Several years ago, while I was living in North Carolina, one of my neighbors called me on the phone and said, ‘I want you to come over to see my Christmas decorations; I’m really proud of them. Can you spare a few moments?’ I went next door and beheld what must have taken hours to prepare: a house filled to overflowing with extensive but tasteful Christmas décor. It was displayed with artistic sensitivity and skill. There was a beautifully decorated tree, supplemented with numerous garlands, wreaths, fresh greenery, lovely hand-made bows, candles, an imported nativity scene, and an assortment of beautiful yuletide ornaments. Because my wonderful neighbor had already completed her Christmas shopping, a huge number of gifts had been carefully placed under the tree. My exhausted neighbor looked at her handiwork, smiled sweetly and said, ‘Well, as you can see, Christmas has come!’ I understood what she meant, and I realized that the work she had done exemplified what Christmas meant to her. Since all her decorating and buying had been completed, Christmas had come to her house.
Actually, I could identify somewhat with the dear lady who was my neighbor because, as a child, I used to feel a deep sense of loss as our own tree and decorations were taken down the day before New Years. I experienced the persistent, painful feeling that Christmas had come and gone. The sense of loss was palpable. ‘Well, Christmas will come again next year,’ I would say to try to comfort myself.
The truth is that, in my childish immaturity, I, as did my neighbor, suffered from the same spiritual malaise. We both tended to identify Christmas with the trappings or props of the season. When the decorations were up, it was as though Christmas somehow had come; and when the decorations were stowed away, Christmas had gone until next year.
I think my neighbor and I did not constitute two separate cases. The spiritual malaise that I and my neighbor experienced is, to some extent, universal among those of us who are would-be Christians. We love to celebrate Christmas. But when we think of as Christmas is, in the New Testament, not primarily an event to be celebrated. Primarily, it is a reality to be experienced.
Today, of course, we associate Christmas with gift-giving, an indisputably worthy practice. Giving also is quite appropriate because, in Christianity, we are repeating the metaphor of God’s having given a very special gift to us: the gift of God’s self, resident in a human being. But here’s the rub. That which God gave us was not a thing, such as we usually give at Christmas. In the gospel of John, God gave the gift of presence; and, in the deepest sense, Christmas does not come until we recognize (that is, become conscious of) that presence and acknowledge it by responding to it.
But how can one respond to it? We can begin by realizing that it was not just the gift of personal presence in a human being (actually, in all human beings as the image of God); it was a particular kind of presence, and the kind of presence makes all the difference.
It is obvious that the presence of some people is not always a gift. It can be a curse. So the kind of presence is crucial. The grown up story of Christmas (I call it the adult Christmas story) in the gospel of John has no first-century decorations: no star, no magi, no shepherds, no angel choirs. The account is simple: ‘The Word became flesh and dwelt among us’ (the gift of personal presence); but then the account says, ‘in him was life, and the life was the light of all people’ (that’s the kind of presence it was).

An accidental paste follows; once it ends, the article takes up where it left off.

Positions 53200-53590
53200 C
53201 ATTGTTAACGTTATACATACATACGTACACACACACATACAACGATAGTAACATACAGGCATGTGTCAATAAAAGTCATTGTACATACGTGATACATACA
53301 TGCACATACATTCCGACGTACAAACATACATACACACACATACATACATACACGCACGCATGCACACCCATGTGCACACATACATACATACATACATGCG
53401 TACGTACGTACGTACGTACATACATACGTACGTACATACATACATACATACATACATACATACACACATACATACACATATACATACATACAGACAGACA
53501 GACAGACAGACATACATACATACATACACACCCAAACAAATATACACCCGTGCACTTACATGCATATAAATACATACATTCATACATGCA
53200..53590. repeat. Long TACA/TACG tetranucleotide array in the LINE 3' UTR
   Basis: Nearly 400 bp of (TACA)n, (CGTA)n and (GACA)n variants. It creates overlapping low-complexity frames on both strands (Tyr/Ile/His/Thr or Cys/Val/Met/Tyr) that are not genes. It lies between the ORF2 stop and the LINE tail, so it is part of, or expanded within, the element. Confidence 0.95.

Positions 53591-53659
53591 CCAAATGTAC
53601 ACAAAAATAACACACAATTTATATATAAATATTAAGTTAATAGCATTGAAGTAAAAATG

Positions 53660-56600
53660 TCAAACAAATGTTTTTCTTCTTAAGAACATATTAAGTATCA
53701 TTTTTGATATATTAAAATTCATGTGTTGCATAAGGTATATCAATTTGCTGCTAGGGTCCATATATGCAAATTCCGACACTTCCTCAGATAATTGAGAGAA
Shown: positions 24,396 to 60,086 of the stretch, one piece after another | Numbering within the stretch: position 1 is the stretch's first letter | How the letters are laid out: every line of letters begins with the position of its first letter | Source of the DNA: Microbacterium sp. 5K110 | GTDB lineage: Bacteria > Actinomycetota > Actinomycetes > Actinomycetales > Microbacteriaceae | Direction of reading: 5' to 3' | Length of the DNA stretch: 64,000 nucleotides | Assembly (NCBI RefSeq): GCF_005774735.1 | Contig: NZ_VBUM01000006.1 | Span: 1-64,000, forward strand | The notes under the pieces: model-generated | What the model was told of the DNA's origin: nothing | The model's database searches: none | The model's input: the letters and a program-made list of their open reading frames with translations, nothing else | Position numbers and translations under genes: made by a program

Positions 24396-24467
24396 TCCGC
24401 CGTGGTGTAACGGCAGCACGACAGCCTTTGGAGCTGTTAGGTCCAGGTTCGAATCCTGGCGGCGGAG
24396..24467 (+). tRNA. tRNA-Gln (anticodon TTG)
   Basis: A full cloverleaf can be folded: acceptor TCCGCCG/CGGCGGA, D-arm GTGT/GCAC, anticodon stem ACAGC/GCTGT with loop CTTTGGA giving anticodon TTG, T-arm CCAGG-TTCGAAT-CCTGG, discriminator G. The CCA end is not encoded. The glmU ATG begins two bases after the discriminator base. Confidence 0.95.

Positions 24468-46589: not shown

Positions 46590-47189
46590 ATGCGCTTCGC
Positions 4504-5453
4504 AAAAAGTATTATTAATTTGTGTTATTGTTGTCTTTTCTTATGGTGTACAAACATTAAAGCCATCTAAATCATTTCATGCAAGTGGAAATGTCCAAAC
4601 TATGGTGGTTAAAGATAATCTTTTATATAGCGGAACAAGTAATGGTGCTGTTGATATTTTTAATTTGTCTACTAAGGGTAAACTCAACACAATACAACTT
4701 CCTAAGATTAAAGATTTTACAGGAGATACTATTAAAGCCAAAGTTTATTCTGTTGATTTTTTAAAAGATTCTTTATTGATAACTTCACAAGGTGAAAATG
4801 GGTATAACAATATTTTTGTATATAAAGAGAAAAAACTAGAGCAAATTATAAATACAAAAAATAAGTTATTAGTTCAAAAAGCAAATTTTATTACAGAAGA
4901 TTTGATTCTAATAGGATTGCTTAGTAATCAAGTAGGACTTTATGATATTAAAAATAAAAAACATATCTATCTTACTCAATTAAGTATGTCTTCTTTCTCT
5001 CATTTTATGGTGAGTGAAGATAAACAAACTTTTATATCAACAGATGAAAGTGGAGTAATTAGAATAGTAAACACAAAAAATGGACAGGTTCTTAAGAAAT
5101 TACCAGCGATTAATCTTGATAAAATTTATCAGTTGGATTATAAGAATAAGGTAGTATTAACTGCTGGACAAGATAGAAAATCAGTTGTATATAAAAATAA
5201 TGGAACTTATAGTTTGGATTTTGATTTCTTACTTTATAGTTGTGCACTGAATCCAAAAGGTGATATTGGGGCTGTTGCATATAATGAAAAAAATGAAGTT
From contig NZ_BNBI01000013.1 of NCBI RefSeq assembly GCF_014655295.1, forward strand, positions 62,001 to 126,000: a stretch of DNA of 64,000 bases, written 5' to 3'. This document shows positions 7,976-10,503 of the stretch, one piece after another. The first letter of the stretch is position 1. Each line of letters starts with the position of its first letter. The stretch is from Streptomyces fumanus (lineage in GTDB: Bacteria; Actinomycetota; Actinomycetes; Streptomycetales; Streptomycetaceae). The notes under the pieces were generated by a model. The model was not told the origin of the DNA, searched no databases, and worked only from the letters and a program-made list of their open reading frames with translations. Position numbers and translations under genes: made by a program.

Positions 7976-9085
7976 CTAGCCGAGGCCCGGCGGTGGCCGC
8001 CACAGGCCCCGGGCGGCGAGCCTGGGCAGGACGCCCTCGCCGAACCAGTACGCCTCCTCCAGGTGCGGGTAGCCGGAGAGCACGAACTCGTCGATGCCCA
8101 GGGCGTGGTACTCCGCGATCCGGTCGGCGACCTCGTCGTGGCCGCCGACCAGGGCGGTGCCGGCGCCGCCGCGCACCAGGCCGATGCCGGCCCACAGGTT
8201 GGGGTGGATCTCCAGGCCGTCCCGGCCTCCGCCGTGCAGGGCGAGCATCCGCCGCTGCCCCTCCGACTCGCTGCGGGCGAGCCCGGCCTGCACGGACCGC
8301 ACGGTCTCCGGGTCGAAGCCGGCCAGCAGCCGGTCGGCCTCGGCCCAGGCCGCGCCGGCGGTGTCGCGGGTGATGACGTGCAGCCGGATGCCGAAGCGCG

The Christmas gift highlighted in the New Testament, instead of being a thing such as we usually give, is a personal presence that gives life and light to others with whom we come in contact. It is when that happens, that kind of giving and receiving, that a spiritually significant Christmas actually is experienced, not just celebrated!
What that biblical insight suggests to me is that thing-gifts can be wonderful experiences prompted by love and caring, but they are incomplete. It is in the giving and receiving of life-and-light–gifts through personal presence that Christmas really comes; and, of course, the gifts of life and light through personal presence can be experienced all year round. They obviously don’t have to be packed and stowed in a way that makes it appear that Christmas has come to an end.
What are we giving for Christmas? I cannot help but wonder whether, in the bustle and rush of the Christmas season, a truly special kind of presence, one that gives the gifts of life and light to another, doesn’t frequently get lost. Do we see spectacular decorations, sing ‘Jingle Bells’ while merchants sing ‘Jingle Bucks,’ prepare sumptuous food and eat festive meals, open a plethora of presents, then, afterward, think Christmas has come?
Do you and I ever pause to think that we ourselves are potentially the best Christmas gifts, tentative bearers of the priceless spiritual gifts of qualitative time, presence, caring and love? Isn’t it those qualities that most frequently give life and light to us when we most need them? Isn’t it when we offer these gifts that we ourselves feel most fulfilled?
The words of a perceptive poet, words that now have become almost a cliché, somehow still ring true: ‘The gift without the giver is bare.’ If we all were to take that affirmation seriously, what a transformational experience Christmas could be!
I wish for all of us a Christmas filled to overflowing with life and light; and as we continue to share generously the gift of spiritual presence with one another, each of us, in his or her own way, will make it possible for an authentic Christmas to come! Now that is something to celebrate!
The Rev. Dr. John C. Whatley III
Community Church of the Midlands